29 March 2007 The right mix of appropriate government regulation, greater use of energy saving technologies and behavioural change can substantially reduce global-warming carbon dioxide (CO2) emissions from the building sector, which accounts for 30 to 40 per cent of total energy use, according to a United Nations reported released today.
“The savings that can be made right now are potentially huge and the costs to implement them relatively low if sufficient numbers of Governments, industries, businesses and consumers act,” UN Environment Programme (UNEP) Executive Director Achim Steiner said of the measures that range from revamping ventilation systems to replacing the traditional incandescent light bulb.
“By some conservative estimates, the building sector worldwide could deliver emission reductions of 1.8 billion tonnes of C02. A more aggressive energy efficiency policy might deliver over 2 billion tonnes or close to three times the amount scheduled to be reduced under the Kyoto Protocol,” he added, referring to the pact setting legally binding emission reduction targets for 35 industrialized countries in the 2008-2012 period.
The report – Buildings and Climate Change: Status, Challenges and Opportunities – produced by UNEP’s Sustainable Construction and Building Initiative (SBCI), pushes for greater use of existing technologies like thermal insulation, solar shading and more efficient lighting and electrical appliances.
In the lifetime of an average building most energy is consumed not for construction but for heating, cooling, lighting, cooking and ventilation. Typically more than 80 per cent of total energy consumption occurs during use and less than 20 per cent during construction. Citing the example of Europe, the report says more than one fifth of present energy consumption and up to 45 million tonnes of CO2 per year could be saved by 2010 by applying more ambitious standards to new and existing buildings.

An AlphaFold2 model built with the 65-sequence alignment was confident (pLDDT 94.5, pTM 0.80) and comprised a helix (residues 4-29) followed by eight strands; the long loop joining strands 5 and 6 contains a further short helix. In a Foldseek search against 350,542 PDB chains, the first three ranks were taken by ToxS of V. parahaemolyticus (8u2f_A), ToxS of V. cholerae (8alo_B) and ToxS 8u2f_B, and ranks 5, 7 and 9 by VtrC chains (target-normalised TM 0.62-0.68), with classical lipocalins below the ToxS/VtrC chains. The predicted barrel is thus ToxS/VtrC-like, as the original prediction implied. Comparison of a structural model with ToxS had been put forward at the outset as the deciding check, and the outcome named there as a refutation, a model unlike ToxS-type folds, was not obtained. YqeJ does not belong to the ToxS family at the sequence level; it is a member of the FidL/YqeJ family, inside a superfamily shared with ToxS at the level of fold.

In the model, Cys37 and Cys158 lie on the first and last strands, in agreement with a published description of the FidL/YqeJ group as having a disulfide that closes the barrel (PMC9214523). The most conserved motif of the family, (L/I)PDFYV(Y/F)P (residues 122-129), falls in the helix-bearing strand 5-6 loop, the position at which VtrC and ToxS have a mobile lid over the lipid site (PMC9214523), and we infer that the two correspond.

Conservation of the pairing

“Energy efficiency, along with cleaner and renewable forms of energy generation, is one of the pillars upon which a de-carbonized world will stand or fall,” Mr. Steiner said, noting that several countries, including Australia, Cuba and the European Union, are looking to phase out or ban the traditional incandescent light bulb that has been around for well over a century in various forms.
The International Energy Agency estimates that a total global switch to compact fluorescent bulbs would, in 2010, deliver C02 savings of 470 million tonnes, or slightly over half of the Kyoto reductions.
“We have to ask what the hurdles are, if any, to achieving such positive low cost change and set about decisively and swiftly to overcome them, if they exist at all,” Mr. Steiner said.
SBCI Chairman Olivier Luneau added that advanced and expensive high-tech solutions were often not needed. “Simple solutions can include sun shading and natural ventilation, improved insulation of the building envelope, use of recycled building materials, adoption of the size and form of the building to its intended use, etc,” he said.
“Of course you can achieve even better results if more sustainable construction system solutions are used, such as intelligent lighting and ventilation systems, low temperature heating and cooling systems and energy saving household appliances.”
The report stresses the importance of appropriate government policies on building codes, energy pricing and financial incentives that encourage reductions in energy consumption.
In developed countries the main challenge is to achieve emission reduction among mostly existing buildings, and this can largely be done by reducing the use of energy. In other parts of the world, especially places like China where almost 2 billion square meters of new building space is added every year, the challenge is to leapfrog directly to more energy efficient building solutions, the report says.